Provisions in letters patent and by-laws replaced by the CNCA
Instructions for completing articles of continuance
Mandatory and default rules
Checklist for continuance/transition documents
Examples of articles of continuance with one class and two
classes of members, as well as examples of by-laws, and
special resolutions. http://www.ic.gc.ca/eic/site/cddgc.nsf/eng/h_cs04954.html
Maria B. Hennessy
 During the transition period, it is advisable for federal
corporations that are or aim to become registered charities
under the Income Tax Act to consult the Charities Directorate
of the Canada Revenue Agency (CRA).
9
TRANSITION PROCESS
 Corporation Canada prepared for the
corporations a page highlighting the most
common deficiencies in filling out the articles
of continuance and how to avoid the errors
http://www.ic.gc.ca/eic/site/cddgc.nsf/eng/cs05430.html
 Corporation Canada developed an online
interactive tool “By-law Builder,”
http://www.ic.gc.ca/eic/site/cddgc.nsf/eng/h_cs04734.html
Maria B. Hennessy
CONT.
10
ONTARIO NOT-FOR-PROFIT
CORPORATIONS ACT, 2010
 Bill 85 in schedule 7 proposes amendments to the ONCA
http://www.ontla.on.ca/web/bills/bills_detail.do?locale=en&I
ntranet=&BillID=2812
 ONCA is anticipated to come into force no earlier than six
months after enactment of Bill 85.
Maria B. Hennessy
 ONCA received Royal Assent on October 25, 2010 and
replaced Part III of the Ontario Corporations Act (OCA).
http://www.ontla.on.ca/web/bills/bills_detail.do?locale=en&I
ntranet=&BillID=2347
 Existing Ontario not-for-profit corporations will have a threeyear transition period.
 All provisions of the ONCA will apply to new Ontario not-forprofit corporations that incorporate under the ONCA.
11
 It will apply to every corporation without share capital
incorporated in Ontario under any Act of the Ontario
Legislature, including Ontario Corporations Act (OCA), with the
exception of :
1. Insurance corporations
2. Corporations without share capital under the Cooperative Act
Corporations excepted by legal statutes, such as those
incorporated by or under special or private Acts or other public
Acts, i.e. agricultural societies, conservation societies, etc.
3. Share capital corporations with social nature. These
corporations will continue under OCA for five years. After that
period, they will continue as one of the three following types of
corporations:
a. A non-share capital corporation under ONCA, or
b. A cooperative corporation under the Cooperative Corporations
Act, or
c. A share capital corporation under Ontario Business
Corporations Act.
Maria B. Hennessy
THE ONCA
12
THE ONCA
CONT.
 To transition from the old legislation (OCA), the corporations must follow the
process prescribed by ONCA in order to obtain articles of amendment.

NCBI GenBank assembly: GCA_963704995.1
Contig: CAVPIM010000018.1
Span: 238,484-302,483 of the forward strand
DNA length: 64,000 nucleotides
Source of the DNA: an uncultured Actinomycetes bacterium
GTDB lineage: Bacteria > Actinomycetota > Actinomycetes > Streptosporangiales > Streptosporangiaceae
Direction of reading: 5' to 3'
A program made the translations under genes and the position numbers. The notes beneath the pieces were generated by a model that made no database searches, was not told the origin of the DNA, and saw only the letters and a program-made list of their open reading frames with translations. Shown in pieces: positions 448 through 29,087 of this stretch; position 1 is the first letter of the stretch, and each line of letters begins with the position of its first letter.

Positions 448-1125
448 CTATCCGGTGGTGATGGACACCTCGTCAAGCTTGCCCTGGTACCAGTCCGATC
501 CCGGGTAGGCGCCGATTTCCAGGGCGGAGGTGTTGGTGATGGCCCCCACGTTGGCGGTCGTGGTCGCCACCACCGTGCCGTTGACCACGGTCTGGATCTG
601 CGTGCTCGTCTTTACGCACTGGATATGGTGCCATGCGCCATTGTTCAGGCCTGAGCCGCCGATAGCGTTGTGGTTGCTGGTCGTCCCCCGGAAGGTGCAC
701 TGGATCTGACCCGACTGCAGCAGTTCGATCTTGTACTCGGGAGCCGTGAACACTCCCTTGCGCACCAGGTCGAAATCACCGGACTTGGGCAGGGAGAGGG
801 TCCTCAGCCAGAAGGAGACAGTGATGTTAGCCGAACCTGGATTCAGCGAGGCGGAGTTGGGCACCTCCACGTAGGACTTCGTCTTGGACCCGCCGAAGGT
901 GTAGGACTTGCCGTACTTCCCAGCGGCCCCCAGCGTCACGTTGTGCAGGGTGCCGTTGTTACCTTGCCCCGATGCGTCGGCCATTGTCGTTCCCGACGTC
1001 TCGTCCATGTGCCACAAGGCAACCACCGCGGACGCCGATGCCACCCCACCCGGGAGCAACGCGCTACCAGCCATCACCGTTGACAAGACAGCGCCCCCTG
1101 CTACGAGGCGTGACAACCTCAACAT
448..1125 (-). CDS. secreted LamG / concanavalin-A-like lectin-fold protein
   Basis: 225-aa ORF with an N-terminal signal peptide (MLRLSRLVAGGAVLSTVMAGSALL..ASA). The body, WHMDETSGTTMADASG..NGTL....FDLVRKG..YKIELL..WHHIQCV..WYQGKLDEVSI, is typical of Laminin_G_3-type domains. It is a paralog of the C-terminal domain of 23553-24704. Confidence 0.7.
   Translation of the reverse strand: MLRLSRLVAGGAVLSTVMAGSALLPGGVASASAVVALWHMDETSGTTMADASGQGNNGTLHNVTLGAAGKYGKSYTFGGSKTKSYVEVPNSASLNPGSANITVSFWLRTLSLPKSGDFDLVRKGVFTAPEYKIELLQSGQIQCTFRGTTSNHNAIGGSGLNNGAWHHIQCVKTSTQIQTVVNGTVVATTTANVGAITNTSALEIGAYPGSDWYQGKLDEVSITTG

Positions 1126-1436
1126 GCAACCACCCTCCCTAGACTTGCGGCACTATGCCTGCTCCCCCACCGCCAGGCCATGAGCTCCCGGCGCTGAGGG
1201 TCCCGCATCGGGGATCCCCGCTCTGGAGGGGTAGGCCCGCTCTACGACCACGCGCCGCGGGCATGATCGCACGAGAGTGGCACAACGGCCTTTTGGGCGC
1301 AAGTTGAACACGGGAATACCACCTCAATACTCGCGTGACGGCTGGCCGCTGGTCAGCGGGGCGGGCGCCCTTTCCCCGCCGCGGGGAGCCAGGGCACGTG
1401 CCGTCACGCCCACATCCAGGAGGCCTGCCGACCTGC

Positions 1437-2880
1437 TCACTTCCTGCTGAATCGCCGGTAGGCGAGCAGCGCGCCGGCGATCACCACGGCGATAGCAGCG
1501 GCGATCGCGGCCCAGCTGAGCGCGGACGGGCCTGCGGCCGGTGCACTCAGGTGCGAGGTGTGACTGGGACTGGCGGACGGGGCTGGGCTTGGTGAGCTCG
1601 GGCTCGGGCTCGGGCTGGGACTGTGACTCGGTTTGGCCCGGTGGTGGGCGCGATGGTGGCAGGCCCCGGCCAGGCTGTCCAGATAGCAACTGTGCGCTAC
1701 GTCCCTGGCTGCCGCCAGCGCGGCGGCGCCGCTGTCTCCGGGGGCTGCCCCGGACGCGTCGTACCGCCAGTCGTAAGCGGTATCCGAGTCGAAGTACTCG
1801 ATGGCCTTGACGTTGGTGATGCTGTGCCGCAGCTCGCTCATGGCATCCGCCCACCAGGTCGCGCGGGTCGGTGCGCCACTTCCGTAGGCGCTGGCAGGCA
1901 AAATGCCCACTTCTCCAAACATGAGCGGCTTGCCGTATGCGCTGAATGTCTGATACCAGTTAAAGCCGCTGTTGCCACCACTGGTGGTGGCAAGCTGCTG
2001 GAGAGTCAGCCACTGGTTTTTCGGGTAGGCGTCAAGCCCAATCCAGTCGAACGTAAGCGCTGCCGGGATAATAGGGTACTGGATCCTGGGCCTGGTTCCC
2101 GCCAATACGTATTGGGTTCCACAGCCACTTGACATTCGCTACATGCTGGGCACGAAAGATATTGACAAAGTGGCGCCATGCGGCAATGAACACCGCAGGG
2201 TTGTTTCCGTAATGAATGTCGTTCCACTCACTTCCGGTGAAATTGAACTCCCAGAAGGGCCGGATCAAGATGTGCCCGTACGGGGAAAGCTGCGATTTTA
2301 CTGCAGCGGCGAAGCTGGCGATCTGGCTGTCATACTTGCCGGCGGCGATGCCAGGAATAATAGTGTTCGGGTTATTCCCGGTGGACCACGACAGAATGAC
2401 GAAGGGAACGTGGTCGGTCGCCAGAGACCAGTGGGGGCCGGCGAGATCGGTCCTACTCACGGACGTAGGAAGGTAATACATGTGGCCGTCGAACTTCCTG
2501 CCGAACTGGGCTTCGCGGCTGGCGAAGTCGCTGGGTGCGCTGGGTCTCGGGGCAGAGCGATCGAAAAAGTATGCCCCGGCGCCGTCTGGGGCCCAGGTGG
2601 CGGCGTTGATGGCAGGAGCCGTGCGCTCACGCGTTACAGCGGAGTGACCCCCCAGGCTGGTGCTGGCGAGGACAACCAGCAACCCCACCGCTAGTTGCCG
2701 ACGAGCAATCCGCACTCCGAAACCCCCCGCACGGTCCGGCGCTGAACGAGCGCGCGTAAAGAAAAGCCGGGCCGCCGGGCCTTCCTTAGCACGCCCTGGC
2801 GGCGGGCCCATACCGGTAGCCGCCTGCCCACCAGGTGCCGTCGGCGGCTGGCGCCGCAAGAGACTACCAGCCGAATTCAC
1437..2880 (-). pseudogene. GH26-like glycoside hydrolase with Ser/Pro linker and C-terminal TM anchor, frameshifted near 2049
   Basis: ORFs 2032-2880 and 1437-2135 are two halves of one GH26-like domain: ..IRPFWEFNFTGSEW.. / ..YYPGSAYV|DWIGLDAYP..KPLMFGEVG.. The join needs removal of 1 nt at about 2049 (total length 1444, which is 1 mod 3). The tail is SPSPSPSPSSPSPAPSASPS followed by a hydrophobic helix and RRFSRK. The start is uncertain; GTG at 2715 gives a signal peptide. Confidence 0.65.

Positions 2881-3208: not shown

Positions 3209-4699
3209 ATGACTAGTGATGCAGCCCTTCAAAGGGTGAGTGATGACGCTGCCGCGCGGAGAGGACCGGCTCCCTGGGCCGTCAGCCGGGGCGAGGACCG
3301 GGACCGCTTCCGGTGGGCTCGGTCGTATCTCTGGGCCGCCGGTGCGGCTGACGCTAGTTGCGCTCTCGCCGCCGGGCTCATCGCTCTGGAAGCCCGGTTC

 ONCA contains three types of rules:
a. mandatory rules i.e. minimum three directors,
b. default rules i.e. directors can borrow money and grant security on
property without members’ authorization, directors may meet anywhere,
and
c. alternate rules i.e. audit committee, holding members’ meeting entirely
by electronic means.
 Where ONCA is silent, corporations can include provisions in their by-laws
or policies that do not contravene ONCA and its regulations, i.e.
corporations can include mechanisms to resolve disputes among members.
Maria B. Hennessy
 There is no express obligation for the already incorporated Ontario not-forprofit corporations to make a transition. At the end of the three (3) years
deadline, the documents of the corporations will be considered to be
amended to bring them into agreement with the ONCA.
13
THE ONCA
CONT.
 By-laws or application for certificate of amendment do not need
to be filed with the Ontario government for incorporation; but
they should be made and approved within sixty days of filing for
incorporation or certificate of amendment.
 Corporations incorporated under ONCA that do not adopt
organizational by-law within sixty days of their incorporation, will
be considered to have adopted the default organizational by-law.
 The default organizational by-law does not apply to corporations
incorporated under OCA, even if the corporations do not have
any organizational by-law.
Maria B. Hennessy
 All applications for articles of incorporation should be submitted
to Service Ontario.
14
 A modern legal framework to ensure that there will be more
transparency and accountability in how the corporations are ran:
a. Facilitates the process, i.e. corporations can incorporate
electronically;
b. Provides more clarity about boards of directors and members; and
c. Simplifies the requirements for audits and financial review.
 There are two categories of corporations: Non-Public Benefit